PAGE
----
- During the second half of 2022, parents enjoyed monthly Child Tax Credit payments.
- Those payments are off the table for now, but the credit isn't gone.
If you're missing those monthly payments, here's what you need to know.
Last year, American families were thrown a lifeline in the form of the boosted Child Tax Credit. In 2021, the credit was worth up to $3,600 for children under the age of 6 and up to $3,000 for those aged 6 to 17.
Plus, the credit changed to become fully refundable, whereas in the past, only a portion of it was refundable. Plus, half of the credit was paid in the form of monthly installments that hit recipients' bank accounts from July through December.
Anyone who enjoyed getting those monthly payments during the second half of 2021 may be painfully aware that those payments have not come in this year. In fact, the boosted Child Tax Credit is pretty much off the table for 2022, as lawmakers were unable to pass a spending bill that allowed for the enhanced version to remain in play.
But that doesn't mean the Child Tax Credit is gone. And it's important that families realize that.
A smaller Child Tax Credit this year
Prior to 2021, the Child Tax Credit maxed out at $2,000 per eligible dependent. This year, the credit isn't gone. Rather, its maximum value will simply return to $2,000. Also, the credit won't be fully refundable, and it won't be paid in the form of monthly installments.
Rather, to claim the credit, those eligible for it will have to file a 2022 tax return in the spring of 2023. Only once that return is processed will the money from the credit come in.
That's apt to cause a shift in the way families manage their money. Last year, the monthly installment payments parents got helped with regard to cash flow. This year, parents don't get the benefit of monthly payments.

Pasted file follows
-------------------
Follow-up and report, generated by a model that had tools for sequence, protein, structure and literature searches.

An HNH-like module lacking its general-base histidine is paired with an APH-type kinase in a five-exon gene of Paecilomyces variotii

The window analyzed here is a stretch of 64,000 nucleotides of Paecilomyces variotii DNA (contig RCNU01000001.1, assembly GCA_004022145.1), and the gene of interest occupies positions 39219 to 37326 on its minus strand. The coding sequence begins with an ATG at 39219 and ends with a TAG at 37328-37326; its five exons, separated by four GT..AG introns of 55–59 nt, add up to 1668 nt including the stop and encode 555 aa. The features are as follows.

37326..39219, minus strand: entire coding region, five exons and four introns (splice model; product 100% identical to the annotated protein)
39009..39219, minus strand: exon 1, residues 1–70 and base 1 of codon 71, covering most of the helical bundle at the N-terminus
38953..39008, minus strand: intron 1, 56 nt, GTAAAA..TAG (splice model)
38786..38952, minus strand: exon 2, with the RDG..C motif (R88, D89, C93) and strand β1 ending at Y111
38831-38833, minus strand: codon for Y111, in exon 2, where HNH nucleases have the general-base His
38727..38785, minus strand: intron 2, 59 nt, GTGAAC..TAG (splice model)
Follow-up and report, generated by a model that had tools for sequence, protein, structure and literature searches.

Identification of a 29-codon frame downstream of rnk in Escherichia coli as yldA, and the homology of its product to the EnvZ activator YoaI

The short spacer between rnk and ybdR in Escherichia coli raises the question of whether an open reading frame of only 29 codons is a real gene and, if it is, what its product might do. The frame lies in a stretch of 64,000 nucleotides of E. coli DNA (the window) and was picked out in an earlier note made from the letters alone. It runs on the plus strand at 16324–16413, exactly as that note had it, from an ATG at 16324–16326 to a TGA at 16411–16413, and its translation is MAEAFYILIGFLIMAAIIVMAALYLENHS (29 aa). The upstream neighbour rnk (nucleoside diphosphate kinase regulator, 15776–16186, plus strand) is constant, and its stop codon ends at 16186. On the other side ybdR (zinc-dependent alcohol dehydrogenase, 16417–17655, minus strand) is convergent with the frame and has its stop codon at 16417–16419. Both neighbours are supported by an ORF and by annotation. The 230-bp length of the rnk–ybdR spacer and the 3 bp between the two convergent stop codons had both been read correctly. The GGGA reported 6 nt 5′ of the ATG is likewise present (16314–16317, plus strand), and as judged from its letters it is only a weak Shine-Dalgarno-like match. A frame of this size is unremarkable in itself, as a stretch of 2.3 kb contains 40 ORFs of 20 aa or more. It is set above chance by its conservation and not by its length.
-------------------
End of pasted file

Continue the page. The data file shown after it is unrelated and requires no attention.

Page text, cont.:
However, parents should rest assured that the Child Tax Credit is by no means gone. Rather, the enhanced version has gone away.
Is there hope the boosted credit will be restored?
Some lawmakers are still pushing to bring back the boosted Child Tax Credit -- if not the same version parents enjoyed in 2021, then at least a more generous version than what existed in 2020. But whether that comes to be is a different story.
Enhancing the Child Tax Credit is apt to come at a cost, and some lawmakers are worried a higher credit will create budgetary constraints. Also, some lawmakers are hesitant to raise the value of the credit because they don't want it to disincentivize parents to go out and work. However, imposing a work or earnings requirement could help address that issue.
All told, parents should assume that this year's Child Tax Credit will max out at $2,000 per child, and that the credit will only be payable in tax refund form in 2023. Parents who want to get their money sooner can file their 2022 taxes as soon as the IRS starts accepting returns next year. That usually happens in late January, whereas the filing deadline isn't until April 15 most years. So that's one way to expedite that money for those who need it as soon as possible.
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